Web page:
Karl Edwards, Chief Commercial Officer at MLL Telecom, examines the role of microwave in the supply and backhaul of access – especially in rural areas.
The ability to access a viable Internet connection has become an integral part of today’s society – we work, we communicate and carry out all manner of day-to-day activities over the Internet. It is an essential tool for SMBs and start-ups in helping them grow and an absolute necessity when it comes to enabling remote working. It also plays a vital role in modern teaching methods.
The dramatic growth in recent years of the number of smart connected devices has led to a mobile data explosion, with users expecting connectivity on the move 24/7. It’s not surprising that this demand is putting an enormous strain on the ageing and congested 3G services, resulting in bottlenecks and frustrated end users. It’s only going to get worse as our demands for Internet access increase.
And let’s not forget that while 85% of the UK population are already online – a small but important rural minority are lagging behind.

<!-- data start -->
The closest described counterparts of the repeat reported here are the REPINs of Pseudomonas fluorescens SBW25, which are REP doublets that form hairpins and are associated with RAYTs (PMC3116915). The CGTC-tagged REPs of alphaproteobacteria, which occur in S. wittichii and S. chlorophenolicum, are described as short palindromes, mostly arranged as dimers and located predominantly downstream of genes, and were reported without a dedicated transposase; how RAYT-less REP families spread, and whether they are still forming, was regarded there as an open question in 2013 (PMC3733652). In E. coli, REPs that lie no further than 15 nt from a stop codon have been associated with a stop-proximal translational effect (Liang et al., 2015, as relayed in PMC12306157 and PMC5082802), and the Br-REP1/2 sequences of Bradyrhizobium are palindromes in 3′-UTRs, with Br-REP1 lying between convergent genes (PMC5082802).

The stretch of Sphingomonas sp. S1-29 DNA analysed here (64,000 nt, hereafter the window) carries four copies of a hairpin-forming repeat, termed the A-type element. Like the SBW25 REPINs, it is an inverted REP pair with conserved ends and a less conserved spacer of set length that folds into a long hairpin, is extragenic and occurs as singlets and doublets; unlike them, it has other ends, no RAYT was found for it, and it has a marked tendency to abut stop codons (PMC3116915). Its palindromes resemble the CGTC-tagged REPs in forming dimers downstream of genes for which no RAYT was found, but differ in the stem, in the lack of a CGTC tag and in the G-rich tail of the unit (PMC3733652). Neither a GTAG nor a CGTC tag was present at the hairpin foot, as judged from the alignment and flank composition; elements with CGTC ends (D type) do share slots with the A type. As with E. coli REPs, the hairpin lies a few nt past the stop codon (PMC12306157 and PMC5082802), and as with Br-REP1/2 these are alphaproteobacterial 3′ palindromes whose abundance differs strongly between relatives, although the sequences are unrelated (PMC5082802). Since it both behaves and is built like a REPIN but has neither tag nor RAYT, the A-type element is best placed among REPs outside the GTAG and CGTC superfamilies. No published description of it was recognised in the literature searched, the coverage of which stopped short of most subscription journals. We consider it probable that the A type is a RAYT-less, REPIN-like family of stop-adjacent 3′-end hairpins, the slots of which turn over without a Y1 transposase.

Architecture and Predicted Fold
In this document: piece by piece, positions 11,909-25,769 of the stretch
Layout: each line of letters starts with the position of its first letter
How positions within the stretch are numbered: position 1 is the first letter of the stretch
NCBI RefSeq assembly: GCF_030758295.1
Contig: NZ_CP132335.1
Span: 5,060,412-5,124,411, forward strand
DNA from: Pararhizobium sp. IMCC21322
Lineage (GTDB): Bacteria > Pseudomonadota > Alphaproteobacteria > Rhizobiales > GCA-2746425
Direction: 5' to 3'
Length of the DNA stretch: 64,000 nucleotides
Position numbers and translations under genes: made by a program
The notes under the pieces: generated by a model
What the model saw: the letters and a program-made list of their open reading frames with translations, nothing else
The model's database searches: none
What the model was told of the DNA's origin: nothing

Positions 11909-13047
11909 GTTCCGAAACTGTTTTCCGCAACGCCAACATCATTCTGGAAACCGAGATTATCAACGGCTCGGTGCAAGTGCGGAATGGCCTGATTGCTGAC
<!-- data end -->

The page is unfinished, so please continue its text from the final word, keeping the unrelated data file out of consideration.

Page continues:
Wireless as a solution to rural broadband woes
The Government has invested heavily in fibre as a solution to boosting superfast broadband in rural areas. However, because it has been unwilling to consider other technologies, and with BT now effectively holding a monopoly on rural broadband, small providers are missing out on opportunities – and the rural end-user continues to struggle with poor Internet speed and connectivity.
The National Audit Report shows that these users will continue to have nothing until 2017 under the current scheme. This has huge implications for communities – rural schools are falling behind their urban counterparts and many rural businesses are being forced to relocate in order to keep pace in the modern world.
However, alternatives to fibre such as microwave backhaul and radio point-to-multi-point technology can play a big role in helping bring faster broadband to areas that are currently suffering.